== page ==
My pick: "The Zone of Interest"

“The Zone of Interest” was my least enjoyable trip to the movies in 2023, and I mean that as a compliment. Focusing on the commanding officer of the Auschwitz concentration camp — a place I visited in 2022 — the movie is hugely harrowing, and its use of sound is remarkable. “Society of the Snow” is also very good, but “The Zone of Interest” must surely win this. 

Best Documentary Film

(Image credit: Associated Press / Alamy Stock Photo / Mstyslav Chernov)
  • "Bobi Wine: The People's President"
  • "The Eternal Memory"
  • "Four Daughters"
  • "To Kill a Tiger"
  • "20 Days in Mariupol"

Predicted winner: "20 Days in Mariupol"

“20 Days in Mariupol” explores Russia’s invasion of Ukraine that started in 2022 and displays the horrific things that humans will do to each other, but also how people find hope and strength in the most difficult circumstances. It’s a timely and vital watch and has the credit in the bank from previous wins at BAFTA and DAG to make its Oscars triumph very likely. 

My pick: "20 Days in Mariupol"

I’ll admit I’m not a huge documentary watcher, so I don’t have the full scope to judge this category fairly, but I’ll be pleased if “20 Days in Mariupol” wins, and I'm preparing myself for what would almost certainly be a very moving speech should that happen.  

Best Cinematography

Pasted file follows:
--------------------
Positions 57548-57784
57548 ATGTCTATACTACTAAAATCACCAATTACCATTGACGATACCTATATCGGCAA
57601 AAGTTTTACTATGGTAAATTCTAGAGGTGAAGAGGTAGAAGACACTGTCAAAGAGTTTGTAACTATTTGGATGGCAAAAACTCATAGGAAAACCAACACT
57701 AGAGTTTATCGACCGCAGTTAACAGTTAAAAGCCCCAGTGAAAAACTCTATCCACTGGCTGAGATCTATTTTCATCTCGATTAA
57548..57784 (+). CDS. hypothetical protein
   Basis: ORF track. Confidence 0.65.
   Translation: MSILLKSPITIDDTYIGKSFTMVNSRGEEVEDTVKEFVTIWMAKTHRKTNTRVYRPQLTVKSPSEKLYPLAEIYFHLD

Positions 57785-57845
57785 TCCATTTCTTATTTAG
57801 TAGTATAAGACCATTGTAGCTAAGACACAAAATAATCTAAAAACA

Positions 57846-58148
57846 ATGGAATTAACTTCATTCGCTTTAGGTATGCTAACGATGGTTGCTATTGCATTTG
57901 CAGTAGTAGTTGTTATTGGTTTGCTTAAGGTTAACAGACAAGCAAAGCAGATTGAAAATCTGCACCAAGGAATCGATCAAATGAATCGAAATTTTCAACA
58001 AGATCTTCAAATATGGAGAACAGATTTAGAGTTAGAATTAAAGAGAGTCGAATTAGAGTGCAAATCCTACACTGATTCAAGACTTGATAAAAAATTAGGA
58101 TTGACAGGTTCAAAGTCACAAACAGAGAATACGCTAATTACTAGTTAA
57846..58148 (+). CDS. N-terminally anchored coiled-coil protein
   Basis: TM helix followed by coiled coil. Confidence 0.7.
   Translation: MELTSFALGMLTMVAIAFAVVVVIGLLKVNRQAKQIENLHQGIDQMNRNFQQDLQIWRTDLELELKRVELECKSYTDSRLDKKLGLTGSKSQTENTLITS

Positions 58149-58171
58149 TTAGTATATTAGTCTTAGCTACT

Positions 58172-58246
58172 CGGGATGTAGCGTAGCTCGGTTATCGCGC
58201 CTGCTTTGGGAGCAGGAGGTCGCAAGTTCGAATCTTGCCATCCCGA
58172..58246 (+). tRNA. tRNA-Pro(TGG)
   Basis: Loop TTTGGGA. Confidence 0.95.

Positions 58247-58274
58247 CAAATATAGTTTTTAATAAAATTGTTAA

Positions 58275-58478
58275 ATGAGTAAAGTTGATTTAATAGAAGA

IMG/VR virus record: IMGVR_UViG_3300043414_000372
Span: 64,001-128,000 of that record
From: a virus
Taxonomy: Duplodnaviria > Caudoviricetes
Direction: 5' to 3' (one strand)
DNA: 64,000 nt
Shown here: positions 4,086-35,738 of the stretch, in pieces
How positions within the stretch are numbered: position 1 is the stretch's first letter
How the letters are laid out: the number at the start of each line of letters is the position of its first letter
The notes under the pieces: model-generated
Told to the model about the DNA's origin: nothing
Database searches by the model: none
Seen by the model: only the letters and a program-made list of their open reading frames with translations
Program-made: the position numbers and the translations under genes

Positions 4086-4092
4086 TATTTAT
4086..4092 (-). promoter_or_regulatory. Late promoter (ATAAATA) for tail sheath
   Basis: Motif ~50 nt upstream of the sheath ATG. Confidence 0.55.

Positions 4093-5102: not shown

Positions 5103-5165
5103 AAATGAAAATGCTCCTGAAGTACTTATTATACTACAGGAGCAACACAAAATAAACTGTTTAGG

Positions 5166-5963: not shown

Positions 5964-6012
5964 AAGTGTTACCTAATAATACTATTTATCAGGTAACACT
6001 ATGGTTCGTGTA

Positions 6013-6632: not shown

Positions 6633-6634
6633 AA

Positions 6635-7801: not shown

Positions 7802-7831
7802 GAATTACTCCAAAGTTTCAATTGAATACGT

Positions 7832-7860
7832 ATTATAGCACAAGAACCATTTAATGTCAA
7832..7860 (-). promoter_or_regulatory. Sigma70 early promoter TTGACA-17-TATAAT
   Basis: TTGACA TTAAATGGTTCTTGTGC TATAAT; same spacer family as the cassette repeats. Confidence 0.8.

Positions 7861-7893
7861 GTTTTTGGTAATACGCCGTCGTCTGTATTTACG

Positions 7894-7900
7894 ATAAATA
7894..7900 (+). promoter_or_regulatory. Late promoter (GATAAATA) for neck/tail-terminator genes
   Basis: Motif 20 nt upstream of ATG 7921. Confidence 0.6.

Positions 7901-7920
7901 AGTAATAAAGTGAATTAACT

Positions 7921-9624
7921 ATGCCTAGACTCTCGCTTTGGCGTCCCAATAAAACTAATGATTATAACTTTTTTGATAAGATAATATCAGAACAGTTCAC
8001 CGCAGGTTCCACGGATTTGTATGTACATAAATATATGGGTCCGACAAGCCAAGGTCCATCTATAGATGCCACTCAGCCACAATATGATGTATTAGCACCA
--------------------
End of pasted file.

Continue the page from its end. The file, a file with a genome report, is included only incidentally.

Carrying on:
(Image credit: Universal Pictures)
  • "El Conde"
  • "Killers of the Flower Moon"
  • "Maestro"
  • "Oppenheimer"
  • "Poor Things" 

Predicted winner: "Oppenheimer"

“Oppenheimer” won't just take home the night’s biggest prizes, it’s also likely to clean up on the more technical awards, one of which will surely go to Hoyte van Hoytema. The cinematographer has been nominated several times in the past, so this will be well-earned.  

My pick: "Poor Things"

I will have no complaints if “Oppenheimer” takes this, but I’d love to see a win for “Poor Things”. Robbie Ryan created several vistas that looked downright stunning. 

Best Editing

(Image credit: FlixPix / Alamy Stock Photo / Universal Pictures)
  • "Anatomy of a Fall"
  • "The Holdovers"
  • "Killers of the Flower Moon"
  • "Oppenheimer"
  • "Poor Things"

Predicted winner: "Oppenheimer"

“Oppenheimer” is a three-hour movie that flies by thanks to its note-perfect pacing and coherent narrative. A huge part of that is due to its editing by Jennifer Lame, it’s hard not to see that being recognized here.  

My pick: "Oppenheimer"